Click on the image to enlarge. Cover one segment, and stare intently at the division within the red-green or the blue-yellow segment until the boundary between the two colours disappears. Image Source: Life's Little Mysteries.
I have some posts pointing to online histories of different colours (see here for Haint Blue, and here for Red). Life's Little Mysteries has recently discussed the history of two colours outside the range of human vision. In the 1983, Hewitt Crane and Thomas Piantanida published a paper in Science, entitled, "On Seeing Reddish Green and Yellowish Blue." They argued that an optical illusion allows us to perceive colours that exist beyond the physical capabilities of our retinas (Hat tip: Free Will Astrology).
The two colours are red-green (not a brown mixture, but a colour that is both red and green at the same time) and yellow-blue (again, a colour that is both yellow and blue simultaneously). These colours do not have names because they are not usually perceived. Having successfully seen the red-green colour in the chart above, the word I would use to describe it is 'Apple.' The blue-yellow was more difficult, but I caught sight of something I would call, a 'Sunlit Sky.'
Chromoscape 116-Yellow Blue Sky © by Beki Borman.
Shutterstock Stock Photo, Yellow Meadow under a Blue Sky with Clouds © Andrey Tiyk.
Seeing these colours is somewhat analagous to one focus of this blog, namely, how the invisible intangibilities of virtual reality are brought to bear on real life. By means of a simple illusion, one's mind allows one to see what one normally cannot physically see. We do something beyond ourselves; it is a little act, which pushes back the boundaries of perception and ability. The photos above show approximations of these colours, and let us know that they do indeed exist. But until this test was devised, their true tones existed outside our ken.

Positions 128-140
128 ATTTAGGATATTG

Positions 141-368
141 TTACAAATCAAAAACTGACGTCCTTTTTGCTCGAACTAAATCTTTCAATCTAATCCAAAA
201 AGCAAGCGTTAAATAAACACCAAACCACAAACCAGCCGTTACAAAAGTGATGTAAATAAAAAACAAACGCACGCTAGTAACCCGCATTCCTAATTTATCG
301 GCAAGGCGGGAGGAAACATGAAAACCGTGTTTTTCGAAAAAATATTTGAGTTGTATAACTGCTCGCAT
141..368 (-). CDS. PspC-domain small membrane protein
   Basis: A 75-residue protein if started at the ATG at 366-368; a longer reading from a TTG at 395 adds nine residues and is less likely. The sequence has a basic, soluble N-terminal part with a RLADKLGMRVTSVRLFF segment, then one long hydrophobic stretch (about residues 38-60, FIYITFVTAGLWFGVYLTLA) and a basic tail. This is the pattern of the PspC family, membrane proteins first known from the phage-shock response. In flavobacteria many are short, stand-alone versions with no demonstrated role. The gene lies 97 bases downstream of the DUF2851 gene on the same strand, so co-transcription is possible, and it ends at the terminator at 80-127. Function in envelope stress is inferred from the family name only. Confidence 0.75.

The results of this experiment reflect a 'third-eye' problem common with many Millennial ideas, mysteries and riddles, especially in the west. At the turn of the Millennium, there are all sorts of attempts, conscious or not, to overcome Cartesian dualism. Whether through technical ghost-hunting, or through particle collider searches for the God Particle or Dark Matter there is a strange Millennial literal-mindedness to these experiments. While the Postmodernism of the 20th century assumed that the third configuration was undefinable and unattainable, Millennial Post-Postmodernism adamantly and yet casually insists that we can and will get there. Life's Little Mysteries:
[E]ven though th[e]se colors exist, you've probably never seen them. Red-green and yellow-blue are the so-called "forbidden colors." Composed of pairs of hues whose light frequencies automatically cancel each other out in the human eye, they're supposed to be impossible to see simultaneously.
The limitation results from the way we perceive color in the first place. Cells in the retina called "opponent neurons" fire when stimulated by incoming red light, and this flurry of activity tells the brain we're looking at something red. Those same opponent neurons are inhibited by green light, and the absence of activity tells the brain we're seeing green. Similarly, yellow light excites another set of opponent neurons, but blue light damps them. While most colors induce a mixture of effects in both sets of neurons, which our brains can decode to identify the component parts, red light exactly cancels the effect of green light (and yellow exactly cancels blue), so we can never perceive those colors coming from the same place. ...
The color revolution started in 1983, when a startling paper by Hewitt Crane, a leading visual scientist, and his colleague Thomas Piantanida appeared in the journal Science. Titled "On Seeing Reddish Green and Yellowish Blue," it argued that forbidden colors can be perceived. The researchers had created images in which red and green stripes (and, in separate images, blue and yellow stripes) ran adjacent to each other. They showed the images to dozens of volunteers, using an eye tracker to hold the images fixed relative to the viewers' eyes. This ensured that light from each color stripe always entered the same retinal cells; for example, some cells always received yellow light, while other cells simultaneously received only blue light. ...
The observers of this unusual visual stimulus reported seeing the borders between the stripes gradually disappear, and the colors seem to flood into each other. Amazingly, the image seemed to override their eyes' opponency mechanism, and they said they perceived colors they'd never seen before.